Sada nimbara vrikshasya mooladhi vaasaat,
Sudha sraavinam tikta mapya priyantam,
Tarum kalpavrikshadhikam saadhayantam
Namaami eswaram Sadgurum Sainaatham

I bow to the lord Sainath, who by His constant stay at the foot of the Neem tree, made it -which though bitter and unpleasant was yet oozing nectar (the oozing of this tree is called Amrit, (nectar) on account of its healing properties) - better than the Kalpavriksha.

As per the suggestions of Upasani Baba, the Padukas were prepared in Bombay and the compounder brought the stone carving to Shirdi. Baba instructed that the installation be done on the full moon day of the Shravana month. That day Dixit carried the stone on his head and came in procession from the Khandoba temple to Dwarakamai. Baba touched the stone Padukas and said that they were the Padukas of God and should be worshipped with great devotion after installing under the Neem tree.

A day before, Seth Pasta of Bombay had sent Rs. 25/- by money order. Baba gave this amount for installation of Padukas. The total expenditure for installation came to Rs. 100/- out of which the remaining Rs.75/- were collected from subscriptions. From then on Bhakta Saguna and Jakhade performed pooja everyday and lit lamps.

Bhai Krishnaji was earlier a devotee of Akkalkot Maharaj. During the Paduka pratishta, he had broken his journey to Akkalkot and halted at Shirdi. After the Paduka pratishta, he sought Baba’s permission to continue his journey to Akkalkot. Baba said, “The Maharaj who is in Akkalkot is here also. And that is I.” Having been thus reassured by Baba’s comforting words, Bhai Krishnaji stopped going to Akkalkot. He visited Shirdi many times. (Hemad Pant was not aware of some of the facts and hence did not include these details in the satcharitra.)


Mohiuddin Bhai Tamboli was a wrestler who sold betel nuts, betel leaves and tobacco in Shirdi. Once there was an argument between him and Baba. As the matter could not be settled and as Baba never used His powers for His own betterment, they decided to have a wrestling bout to resolve the issue. Being a novice, Baba lost the wrestling bout to Mohiuddin. From then on, Baba discarded His pehalwan like dress and resorted to a langoti, long sleeved shirt and a scarf over His head. He used the gunny bag as His seat. He used to say, “The title of Fakir is always superior to that of being called a Maharaj. Poverty is several times better than riches. Allah belongs to the poor. He will always be a friend and companion of the poor.”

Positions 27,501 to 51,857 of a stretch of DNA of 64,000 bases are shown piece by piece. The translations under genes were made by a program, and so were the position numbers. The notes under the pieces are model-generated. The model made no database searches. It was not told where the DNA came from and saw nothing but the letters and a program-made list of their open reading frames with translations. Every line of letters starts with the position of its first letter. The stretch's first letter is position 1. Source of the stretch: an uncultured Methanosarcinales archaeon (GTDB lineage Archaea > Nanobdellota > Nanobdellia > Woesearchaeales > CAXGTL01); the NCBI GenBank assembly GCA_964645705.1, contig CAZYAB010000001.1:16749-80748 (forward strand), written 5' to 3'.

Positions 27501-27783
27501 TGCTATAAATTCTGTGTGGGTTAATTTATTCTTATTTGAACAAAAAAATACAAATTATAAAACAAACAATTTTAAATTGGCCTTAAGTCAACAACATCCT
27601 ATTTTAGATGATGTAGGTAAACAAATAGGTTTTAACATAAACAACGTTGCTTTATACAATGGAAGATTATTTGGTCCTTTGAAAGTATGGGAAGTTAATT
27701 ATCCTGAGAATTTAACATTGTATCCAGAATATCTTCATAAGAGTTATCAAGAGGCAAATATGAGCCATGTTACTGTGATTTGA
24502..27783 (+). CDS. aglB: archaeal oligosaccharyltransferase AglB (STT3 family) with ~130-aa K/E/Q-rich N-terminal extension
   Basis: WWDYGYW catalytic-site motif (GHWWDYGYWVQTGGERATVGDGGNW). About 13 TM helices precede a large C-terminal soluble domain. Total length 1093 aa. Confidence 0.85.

Gangagir was also fond of taking part in wrestling bouts. Once when he was fighting a bout, he suddenly lost interest. At the same time, a siddha commented, “As long as the wrestling bout is with God, it does not matter even if the body is lost.” Gangagir heard this, was totally disillusioned with the material world and took to the path of self realization. On the banks of river Punatambe, he established a math and lived there with his disciples.


Sai Baba, on His own, never talked with anyone. He used to reply only when someone asked Him something. He used to sit everyday underneath the Neem tree, or on the banks of the nearby canal, or under a babul tree. Occasionally he walked up a mile to Neemgaon. There He used to visit Jagirdar Tryambak Dengle’s house. He used to talk with him for the entire day. Nanasaheb was Dengle’s brother. He married a second time as his first wife could not conceive. Even then, there were no issues. So, Dengle sent Nanasaheb to Baba. Baba blessed him and soon a son was born to Nanasaheb. From then on, people started visiting Baba. Sai’s fame spread far and wide. It spread up to Ahmednagar.

Nanasaheb Chandorkar had sufficient clout in government offices in Ahmednagar. Chidambar Keshav was a secretary in that Zillah. He invited Nanasaheb, with family and friends, to visit Baba at Shirdi. After Baba’s darshan, Nanasaheb also became one among His devotees. Like him, whoever came for the darshan of Baba became His devotee, and the family of Baba’s devotees went on growing. Though the devotees always thronged Him, Baba was totally aloof. He spent the day with them, and in the night, slept in the dilapidated masjid.


Baba always had with Him a chillum, tobacco and the satka. He draped Himself with the kafni. He covered His head with a white scarf, held in place by a knot over His left ear. He never bathed for days together. For weeks together He never washed His clothes. He used to walk barefoot as He never had any footwear. He sat always on a gunny bag. He never slept on a bed, nor used a pillow. He was always awake. He sat near Dhuni and warmed Himself. “Allah Malik” was constantly on His lips. Having sacrificed egoism and all desires, He sat facing south. The whole place in the masjid was of the size of only two rooms. Baba’s activities were confined to within that place. The floor was of mud, uneven and not leveled. He slept on the uneven floor itself. In the beginning, people were scared of coming to Baba. With the passing of each day, they never left Him alone. They realized the conditions in which Baba was living, and in one night they leveled the floor. Then they laid it with designed stones. All these changes took place in the year 1912. Before coming to this masjid, Baba stayed in ‘takia’ for a long time. Baba used to tie up ghungroo to His legs and dance beautifully and rhythmically to the rhythm of instruments. His singing also was very melodious.